A motion in an Enron-related criminal case exposes a dirty secret of the Enron Task Force that the mainstream media does not want to talk about.
(Display Name not set) Archives
The Enron Task Force filed its forfeiture motion yesterday in the criminal case against former key Enron executives Ken Lay and Jeff Skilling. Inasmuch as the Task Force seeks more than the net worth of both men combined, it will be interesting to count how many attorneys from various parts of the Enron litigation landscape will descend upon the courthouse in Houston to compete with the Task Force's claim to Lay and Skilling's remaining assets. More on the motion and a download site for a copy of it are here.
Following up on Larry Ribstein's earlier post regarding the Kimberly Strassel/Opinion Journal interview of former AIG chairman Maurice "Hank" Greenberg, this post examines the enormous costs attributable to the increasing trend of government to criminalize bad business judgments in the context of the Greenberg interview and the ongoing Lay-Skilling trial. By the way, for those without time or the inclination to keep up with the Lay-Skilling trial on a daily basis, I have been posting weekly summaries of the trial each Friday, which can be reviewed here.
Christine Hurt over at Conglomerate points to this William Childs provided-video of an expert witness deposition that provides a glimpse into the well-known (at least in Houston legal circles) combative style of famed Houston plaintiffs lawyer, Joe Jamail.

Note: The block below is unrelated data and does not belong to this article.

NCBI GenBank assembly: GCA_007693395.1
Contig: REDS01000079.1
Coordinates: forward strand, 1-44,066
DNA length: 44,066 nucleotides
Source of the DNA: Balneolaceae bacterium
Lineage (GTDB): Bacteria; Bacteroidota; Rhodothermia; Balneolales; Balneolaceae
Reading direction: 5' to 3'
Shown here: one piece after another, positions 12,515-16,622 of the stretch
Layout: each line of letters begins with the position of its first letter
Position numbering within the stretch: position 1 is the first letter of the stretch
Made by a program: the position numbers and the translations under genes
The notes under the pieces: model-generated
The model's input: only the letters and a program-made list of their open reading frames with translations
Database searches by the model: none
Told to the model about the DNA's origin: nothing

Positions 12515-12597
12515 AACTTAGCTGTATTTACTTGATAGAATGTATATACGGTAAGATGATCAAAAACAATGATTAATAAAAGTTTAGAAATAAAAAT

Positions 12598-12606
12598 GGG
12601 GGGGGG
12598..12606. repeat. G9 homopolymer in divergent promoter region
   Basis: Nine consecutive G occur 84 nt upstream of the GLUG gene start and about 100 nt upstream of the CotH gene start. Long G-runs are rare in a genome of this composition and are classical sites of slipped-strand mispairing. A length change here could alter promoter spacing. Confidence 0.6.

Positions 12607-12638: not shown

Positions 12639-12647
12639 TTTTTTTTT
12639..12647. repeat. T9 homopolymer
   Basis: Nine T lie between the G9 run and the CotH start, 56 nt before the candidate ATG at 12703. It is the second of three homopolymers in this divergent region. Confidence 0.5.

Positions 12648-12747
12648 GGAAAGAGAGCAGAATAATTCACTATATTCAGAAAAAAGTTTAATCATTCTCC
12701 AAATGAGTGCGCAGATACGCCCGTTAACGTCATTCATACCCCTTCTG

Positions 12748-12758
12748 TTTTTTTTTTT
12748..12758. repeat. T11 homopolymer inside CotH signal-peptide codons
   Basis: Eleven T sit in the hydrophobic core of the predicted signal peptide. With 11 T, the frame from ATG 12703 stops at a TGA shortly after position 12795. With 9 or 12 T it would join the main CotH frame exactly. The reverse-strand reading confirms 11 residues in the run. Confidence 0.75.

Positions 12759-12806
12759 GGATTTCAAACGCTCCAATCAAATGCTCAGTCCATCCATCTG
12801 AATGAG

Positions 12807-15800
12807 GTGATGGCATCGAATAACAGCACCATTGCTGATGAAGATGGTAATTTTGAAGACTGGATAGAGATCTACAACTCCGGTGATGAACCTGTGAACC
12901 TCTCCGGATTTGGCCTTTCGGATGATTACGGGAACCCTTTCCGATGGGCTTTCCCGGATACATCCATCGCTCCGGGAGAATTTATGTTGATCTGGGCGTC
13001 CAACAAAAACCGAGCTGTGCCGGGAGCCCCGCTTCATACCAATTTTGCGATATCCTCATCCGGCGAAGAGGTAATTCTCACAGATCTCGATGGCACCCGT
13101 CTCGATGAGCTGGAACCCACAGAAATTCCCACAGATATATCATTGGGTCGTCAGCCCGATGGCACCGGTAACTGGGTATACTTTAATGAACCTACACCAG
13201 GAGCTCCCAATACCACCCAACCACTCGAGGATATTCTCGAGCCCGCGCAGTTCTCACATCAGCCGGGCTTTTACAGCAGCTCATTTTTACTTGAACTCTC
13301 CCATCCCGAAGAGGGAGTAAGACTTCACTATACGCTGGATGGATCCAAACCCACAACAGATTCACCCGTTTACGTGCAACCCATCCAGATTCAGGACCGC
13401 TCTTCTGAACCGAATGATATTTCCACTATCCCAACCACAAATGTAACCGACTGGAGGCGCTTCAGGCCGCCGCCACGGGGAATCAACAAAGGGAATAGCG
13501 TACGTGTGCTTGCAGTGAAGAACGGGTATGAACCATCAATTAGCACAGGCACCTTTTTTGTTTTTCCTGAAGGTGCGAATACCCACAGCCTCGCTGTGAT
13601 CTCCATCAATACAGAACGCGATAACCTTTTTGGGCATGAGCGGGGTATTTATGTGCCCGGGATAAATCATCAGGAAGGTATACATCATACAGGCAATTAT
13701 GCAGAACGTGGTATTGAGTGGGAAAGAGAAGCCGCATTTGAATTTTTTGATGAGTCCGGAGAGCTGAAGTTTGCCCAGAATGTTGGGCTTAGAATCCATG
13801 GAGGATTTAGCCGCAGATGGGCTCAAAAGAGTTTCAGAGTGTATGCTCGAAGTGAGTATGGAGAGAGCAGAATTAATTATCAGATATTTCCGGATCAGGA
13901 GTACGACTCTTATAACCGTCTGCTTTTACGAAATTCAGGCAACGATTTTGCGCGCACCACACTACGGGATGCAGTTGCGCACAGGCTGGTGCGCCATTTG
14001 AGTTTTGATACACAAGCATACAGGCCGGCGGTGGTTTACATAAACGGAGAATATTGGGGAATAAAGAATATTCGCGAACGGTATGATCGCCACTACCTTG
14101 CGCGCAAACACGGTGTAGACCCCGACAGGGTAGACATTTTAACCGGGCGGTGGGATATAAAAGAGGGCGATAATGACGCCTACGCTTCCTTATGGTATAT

This clip is a good example of why I require two video cameras during important depositions, one to videotape the deponent and the other to videotape the attorney asking the questions. Taking a video deposition in that manner allows you to provide to the jury or judge at trial a far more interesting video of each participant in the deposition rather than the typically-boring video of only the deponent. As the particularly contentious deposition in the above-linked video proceeded, it appears that about a half-dozen cameras would have been preferable.
Last week, Larry Ribstein noted the Fifth Circuit Court of Appeals' extraordinary post-oral argument order commanding the release from prison of William Fuhs, the former Merrill Lynch executive who was convicted along with three of his Merrill colleagues of conspiring to assist Enron in improperly accounting for an asset sale in the so-called "Nigerian Barge case." This week, the other three Merrill Lynch executives are seeking release from prison pending disposition of their appeals.
The Nigerian Barge case is a case study in the dubious nature of regulating business through criminalization of ordinary business transactions and the appalling cost of that policy when four business executives get caught in the cross-fire of the government's demonization of a criminal target such as Enron. As Professor Ribstein and Henry G. Manne have pointed out many times in their writings, the use of criminal law as an in terrorem regulatory weapon is a reign of force that is contrary to the rule of law and is usually far more costly to society than the alleged evils that are the target of the prosecution.
One of the common subjects covered on my humble blog over the past couple of years has been the increasing regulation of business through criminalization of risk-taking. Accordingly, it's appropriate that my first post on this more esteemed forum should reference John Hasnas' superb WSJ ($) op-ed and my further thoughts on the perverse effects that a company's "cooperation" with the Department of Justice has on the company's sacrificial lamb-employees who are served up in the course of the company hedging the risk of an Arthur Andersen meltdown. I appreciate Ted Frank's kind invitation to contribute to this fine forum, and I pledge to uphold the high standards of this excellent resource.
Center for Legal Policy at the